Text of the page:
Authorities in Afghanistan say six civilians have died in an air strike by U.S.-led coalition warplanes in the east of the country. There are conflicting reports whether the victims were in a house or a vehicle, and the U.S. military has yet to comment.
Afghan officials say the deaths occurred Saturday when an American warplane dropped a bomb in the Barmal district of the eastern Paktika province, which borders Pakistan.
The provincial governor says U.S. and Afghan forces were conducting an operation against anti-government militants linked to the al-Qaida terror network when the bomb was dropped.
Remnants of the ousted Taleban regime and al-Qaida fighters have frequently clashed with Afghan and U.S. soldiers in Paktika.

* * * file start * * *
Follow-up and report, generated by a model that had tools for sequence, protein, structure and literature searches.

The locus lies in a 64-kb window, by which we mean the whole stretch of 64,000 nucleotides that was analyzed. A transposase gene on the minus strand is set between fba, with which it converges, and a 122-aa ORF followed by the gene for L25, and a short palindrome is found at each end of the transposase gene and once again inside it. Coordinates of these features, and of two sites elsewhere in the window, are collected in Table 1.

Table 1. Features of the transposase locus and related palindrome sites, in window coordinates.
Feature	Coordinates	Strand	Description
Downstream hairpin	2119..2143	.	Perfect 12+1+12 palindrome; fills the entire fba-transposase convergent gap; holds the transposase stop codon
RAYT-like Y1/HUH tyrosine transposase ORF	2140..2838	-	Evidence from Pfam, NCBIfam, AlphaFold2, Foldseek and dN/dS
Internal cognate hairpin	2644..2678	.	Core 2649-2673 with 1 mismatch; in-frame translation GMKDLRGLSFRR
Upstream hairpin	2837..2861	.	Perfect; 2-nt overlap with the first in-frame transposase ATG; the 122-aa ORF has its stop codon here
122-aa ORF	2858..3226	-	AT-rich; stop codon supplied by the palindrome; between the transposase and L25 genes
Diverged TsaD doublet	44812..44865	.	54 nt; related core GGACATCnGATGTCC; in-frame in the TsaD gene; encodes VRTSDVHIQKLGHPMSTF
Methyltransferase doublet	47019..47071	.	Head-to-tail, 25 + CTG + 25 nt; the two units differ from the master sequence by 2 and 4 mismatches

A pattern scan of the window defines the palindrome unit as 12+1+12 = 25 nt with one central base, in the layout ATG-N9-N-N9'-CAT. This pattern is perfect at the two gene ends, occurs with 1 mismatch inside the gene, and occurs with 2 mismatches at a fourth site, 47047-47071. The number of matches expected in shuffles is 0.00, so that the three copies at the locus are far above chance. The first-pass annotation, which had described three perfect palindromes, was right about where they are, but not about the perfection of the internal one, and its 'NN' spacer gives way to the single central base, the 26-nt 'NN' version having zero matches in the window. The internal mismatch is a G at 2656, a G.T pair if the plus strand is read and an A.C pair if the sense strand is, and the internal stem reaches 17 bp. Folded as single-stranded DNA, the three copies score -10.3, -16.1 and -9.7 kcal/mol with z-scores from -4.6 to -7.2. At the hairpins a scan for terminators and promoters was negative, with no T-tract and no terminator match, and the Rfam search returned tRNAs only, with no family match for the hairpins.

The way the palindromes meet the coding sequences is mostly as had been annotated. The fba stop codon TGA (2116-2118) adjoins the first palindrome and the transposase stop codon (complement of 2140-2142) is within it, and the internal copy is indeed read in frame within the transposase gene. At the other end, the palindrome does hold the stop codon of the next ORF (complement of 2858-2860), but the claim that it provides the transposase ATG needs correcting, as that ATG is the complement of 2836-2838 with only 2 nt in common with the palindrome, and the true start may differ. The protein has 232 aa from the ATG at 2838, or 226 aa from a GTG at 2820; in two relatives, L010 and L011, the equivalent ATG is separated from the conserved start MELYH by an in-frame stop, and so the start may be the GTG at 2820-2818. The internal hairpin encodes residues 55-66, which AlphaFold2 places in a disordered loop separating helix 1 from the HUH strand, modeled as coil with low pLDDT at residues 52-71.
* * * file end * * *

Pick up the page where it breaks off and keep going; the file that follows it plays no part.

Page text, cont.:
Afghan officials have repeatedly alleged the militants are using bases in Pakistan to launch their attacks on Afghanistan, a charge Pakistani officials deny.
Last month, eight members of the same family were killed during an aerial bombardment in the northeastern province of Nuristan. Locals blamed coalition forces for that incident, but the source of the bombing has not yet been determined.
Suspected Taleban and al-Qaida fighters have stepped up attacks in Afghanistan in recent weeks, targeting coalition forces and their local allies, as well as aid workers.
On Sunday, a female French employee of the U.N. refugee agency was shot dead in the southeastern Afghan town of Ghazni. Two suspected Taleban attackers are in custody and being questioned by police.